Manchester-based We Have Band have released this acoustic version of ‘What’s Mine, What’s Yours’, featuring mesmerising piano, which you can watch below. This is part of the deluxe version their new album ‘Ternion’, and you can purchase that deluxe package here. The album came out just last week, on the 30th of January.

You can read Ben’s review of ‘Ternion’ here.



Album Review: We Have Band – Ternion

By on Monday, 30th January 2012 at 2:00 pm

“It’s better to burn out than fade away” is a quote often bandied around on the modern alternative scene. ‘Ternion’, the second full-length offering from Manchester-based indietronic three-piece We Have Band, shows there can be a degree of nuance to synth-pop. Think New Order, Orchestral Manoeuvres in the Dark or the Antlers or Kraftwerk spawning a mildly irked Hot Chip, and you won’t be far off. What strikes you about this album is its dynamism: in places it is bombastic and almost primal in its draw, while in others it can float unaided and, sadly, it occasionally sags.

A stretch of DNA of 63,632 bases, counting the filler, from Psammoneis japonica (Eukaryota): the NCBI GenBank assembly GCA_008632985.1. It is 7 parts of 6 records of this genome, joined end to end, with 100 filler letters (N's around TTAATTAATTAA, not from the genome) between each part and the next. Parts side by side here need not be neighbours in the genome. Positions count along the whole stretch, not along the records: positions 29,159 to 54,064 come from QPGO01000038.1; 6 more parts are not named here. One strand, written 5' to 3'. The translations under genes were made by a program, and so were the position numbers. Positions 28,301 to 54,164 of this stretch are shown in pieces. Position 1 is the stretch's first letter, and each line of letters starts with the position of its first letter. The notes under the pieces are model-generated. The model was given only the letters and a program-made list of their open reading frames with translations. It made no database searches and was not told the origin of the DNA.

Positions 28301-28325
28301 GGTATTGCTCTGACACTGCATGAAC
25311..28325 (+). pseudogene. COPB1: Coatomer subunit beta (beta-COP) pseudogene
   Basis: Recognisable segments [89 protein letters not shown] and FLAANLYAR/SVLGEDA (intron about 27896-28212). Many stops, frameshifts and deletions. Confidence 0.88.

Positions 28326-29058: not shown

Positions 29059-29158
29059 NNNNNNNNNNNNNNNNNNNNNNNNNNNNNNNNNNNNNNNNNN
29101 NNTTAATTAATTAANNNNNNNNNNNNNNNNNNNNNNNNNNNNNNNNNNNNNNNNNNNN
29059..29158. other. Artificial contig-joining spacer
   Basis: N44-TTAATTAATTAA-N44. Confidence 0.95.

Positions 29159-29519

‘Shift’ leans towards neo-psychedelia circa MGMT. Someone’s obviously forgotten to plug the synth in, unlike ‘After All’ which goes off like a Mega Drive on a bad trip. The looped guitar whisper on this track is the siren that lures you to the depths of distorted bass synth, humming like seawater in your eardrum throughout the song. A rousing and mesmeric vocal melody seals it up as a definite floor-filler. ‘Ternion’ then takes a premature nose-dive: single ‘Where Are Your People’ (video below) and the faux-empirical ‘Visionary’ are sadly forgettable, while ‘What’s Mine, What’s Yours’ sounds a bit like their take on the theme from ‘Look Around You’.

Thankfully, ‘Steel in the Groove’ is the full hypnotic assault that revs the album back from its idle meander. It is, however, an intro that is not matched by the featureless dance soundscape that follows. ‘Tired of Running’ is similar in structure, continuing the ‘90s house vibe, but this time manages to maintain a rhythm which proves to be alarmingly infectious. On ‘Watertight’, the band hit their stride again with a swinging beat and mesmerising vocals. The march continues, sounded by the primal drums of ‘Rivers of Blood’, filled with so many throwaway bleeps it sounds like a microwave with Tourette’s. ‘Pressure On’ is an ethereal contrast to the rest of the album, with a comforting fuzz and almost choir-like melancholy.